A new study has found that if parents are less affectionate and harsher towards your children then it can make them aggressive and anti-social. The findings suggest that children become more aggressive because of less parental warmth and more harshness in the home environment. The lack of empathy and a moral compass, a set of characteristics known as callous-unemotional (CU) traits.
The co-author Luke Hyde, Associate Professor at the University of Michigan, US reportedly said that the study convincingly shows that parenting and not just genes contribute to the development of risky callous-unemotional traits. He also said that because identical twins have the same DNA, we can be surer that the differences in parenting the twins received affect the development of these traits.
The study has been published in the Journal of the American Academy of Child and Adolescent Psychiatry. For the study, the researchers involved 227 identical twin pairs.
To determine whether these differences predicted the likelihood of anti-social behaviours emerging the team analysed small differences in the parenting that each twin experienced. To report on 35 traits related to aggression and CU traits they also assessed child behaviour by asking the mother.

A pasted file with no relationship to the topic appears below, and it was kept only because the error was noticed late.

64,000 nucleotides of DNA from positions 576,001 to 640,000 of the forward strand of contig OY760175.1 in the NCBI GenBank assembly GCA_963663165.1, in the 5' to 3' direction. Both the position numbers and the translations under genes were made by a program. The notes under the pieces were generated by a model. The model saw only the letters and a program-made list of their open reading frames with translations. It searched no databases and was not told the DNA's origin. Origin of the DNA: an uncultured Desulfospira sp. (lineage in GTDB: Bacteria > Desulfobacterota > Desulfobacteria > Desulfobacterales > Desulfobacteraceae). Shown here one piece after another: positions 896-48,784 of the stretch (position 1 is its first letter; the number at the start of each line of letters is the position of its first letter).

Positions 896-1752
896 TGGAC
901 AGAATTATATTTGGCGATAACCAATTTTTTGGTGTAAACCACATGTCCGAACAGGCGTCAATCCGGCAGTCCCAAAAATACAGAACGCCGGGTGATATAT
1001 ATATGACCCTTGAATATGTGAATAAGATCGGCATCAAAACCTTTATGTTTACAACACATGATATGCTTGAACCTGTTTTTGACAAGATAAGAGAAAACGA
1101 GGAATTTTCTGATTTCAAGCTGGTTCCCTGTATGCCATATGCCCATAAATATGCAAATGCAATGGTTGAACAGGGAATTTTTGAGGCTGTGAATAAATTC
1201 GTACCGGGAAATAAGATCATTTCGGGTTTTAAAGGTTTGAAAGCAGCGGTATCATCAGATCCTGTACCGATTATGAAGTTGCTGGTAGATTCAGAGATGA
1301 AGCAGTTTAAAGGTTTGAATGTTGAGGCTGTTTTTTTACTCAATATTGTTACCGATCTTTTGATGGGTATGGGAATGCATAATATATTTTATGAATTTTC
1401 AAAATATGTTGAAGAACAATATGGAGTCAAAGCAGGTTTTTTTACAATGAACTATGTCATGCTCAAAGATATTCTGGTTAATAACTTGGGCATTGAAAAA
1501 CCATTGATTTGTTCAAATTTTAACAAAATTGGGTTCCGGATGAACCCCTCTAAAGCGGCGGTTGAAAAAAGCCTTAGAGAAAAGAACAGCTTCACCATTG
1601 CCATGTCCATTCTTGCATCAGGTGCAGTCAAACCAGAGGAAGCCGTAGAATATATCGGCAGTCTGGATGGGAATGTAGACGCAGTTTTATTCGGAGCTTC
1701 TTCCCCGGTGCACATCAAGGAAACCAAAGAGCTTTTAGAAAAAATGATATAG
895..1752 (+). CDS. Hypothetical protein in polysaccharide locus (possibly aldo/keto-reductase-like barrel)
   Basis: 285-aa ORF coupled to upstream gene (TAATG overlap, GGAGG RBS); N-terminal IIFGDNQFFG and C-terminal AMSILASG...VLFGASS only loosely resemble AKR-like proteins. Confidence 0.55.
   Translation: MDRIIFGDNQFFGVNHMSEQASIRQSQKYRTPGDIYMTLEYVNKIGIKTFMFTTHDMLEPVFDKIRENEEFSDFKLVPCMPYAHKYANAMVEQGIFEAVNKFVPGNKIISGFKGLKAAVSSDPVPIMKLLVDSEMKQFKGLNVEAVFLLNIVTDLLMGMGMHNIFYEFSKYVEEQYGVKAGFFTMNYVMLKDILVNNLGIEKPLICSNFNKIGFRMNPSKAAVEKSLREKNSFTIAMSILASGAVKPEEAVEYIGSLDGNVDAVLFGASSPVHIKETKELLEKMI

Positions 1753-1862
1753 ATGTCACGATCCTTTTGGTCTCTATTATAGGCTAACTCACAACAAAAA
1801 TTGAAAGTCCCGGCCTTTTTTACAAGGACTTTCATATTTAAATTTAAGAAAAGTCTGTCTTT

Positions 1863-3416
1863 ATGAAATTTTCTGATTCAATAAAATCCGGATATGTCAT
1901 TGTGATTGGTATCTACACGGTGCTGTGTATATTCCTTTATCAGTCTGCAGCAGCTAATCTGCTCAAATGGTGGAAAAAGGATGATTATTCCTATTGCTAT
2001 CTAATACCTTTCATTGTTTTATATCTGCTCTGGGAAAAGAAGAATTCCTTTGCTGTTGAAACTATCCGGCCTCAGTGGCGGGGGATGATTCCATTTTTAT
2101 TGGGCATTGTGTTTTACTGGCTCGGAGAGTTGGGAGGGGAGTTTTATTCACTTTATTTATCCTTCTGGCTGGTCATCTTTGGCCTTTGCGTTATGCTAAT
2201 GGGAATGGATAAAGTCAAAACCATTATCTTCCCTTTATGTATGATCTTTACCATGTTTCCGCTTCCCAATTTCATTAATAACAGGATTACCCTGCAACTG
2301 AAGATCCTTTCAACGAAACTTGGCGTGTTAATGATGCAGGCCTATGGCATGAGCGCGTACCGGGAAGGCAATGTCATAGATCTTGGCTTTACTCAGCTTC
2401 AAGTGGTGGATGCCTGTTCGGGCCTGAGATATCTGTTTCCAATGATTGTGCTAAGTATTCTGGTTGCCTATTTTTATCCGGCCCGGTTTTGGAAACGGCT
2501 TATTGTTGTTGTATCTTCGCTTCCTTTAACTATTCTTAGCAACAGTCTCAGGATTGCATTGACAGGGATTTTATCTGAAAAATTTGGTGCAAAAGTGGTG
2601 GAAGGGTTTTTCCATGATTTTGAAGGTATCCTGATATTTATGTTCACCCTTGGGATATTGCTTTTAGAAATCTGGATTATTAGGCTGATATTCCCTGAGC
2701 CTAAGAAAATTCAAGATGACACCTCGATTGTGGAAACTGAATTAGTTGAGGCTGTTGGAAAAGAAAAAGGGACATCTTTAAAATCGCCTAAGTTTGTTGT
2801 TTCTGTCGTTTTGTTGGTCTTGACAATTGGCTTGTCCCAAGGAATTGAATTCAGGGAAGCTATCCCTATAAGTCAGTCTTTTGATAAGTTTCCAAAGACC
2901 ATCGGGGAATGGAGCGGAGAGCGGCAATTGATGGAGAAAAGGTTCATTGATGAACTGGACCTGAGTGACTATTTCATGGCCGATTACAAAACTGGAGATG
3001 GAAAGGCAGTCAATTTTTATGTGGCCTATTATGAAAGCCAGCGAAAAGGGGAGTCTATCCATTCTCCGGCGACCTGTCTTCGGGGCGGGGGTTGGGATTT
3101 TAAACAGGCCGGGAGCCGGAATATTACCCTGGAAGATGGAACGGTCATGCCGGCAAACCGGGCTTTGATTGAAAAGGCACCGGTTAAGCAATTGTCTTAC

The researchers found that the twins had a greater chance of showing aggression and CU traits those who have experienced stricter or harsher treatment and less emotional warmth from parents.
A subsequent adoption study, of parents and children who were not biologically related, turned up consistent results.
The lead author Rebecca Waller, Assistant Professor at the University of Pennsylvania reportedly said that they couldn’t blame that on genetics because these children don’t share genes with their parents. Waller also said that it still didn’t rule out the possibility that something about the child’s genetic characteristics was evoking certain reactions from the adoptive parent.
The researchers noted that if the child never reciprocates then a parent who is warm and positive may have a hard time maintaining those behaviours.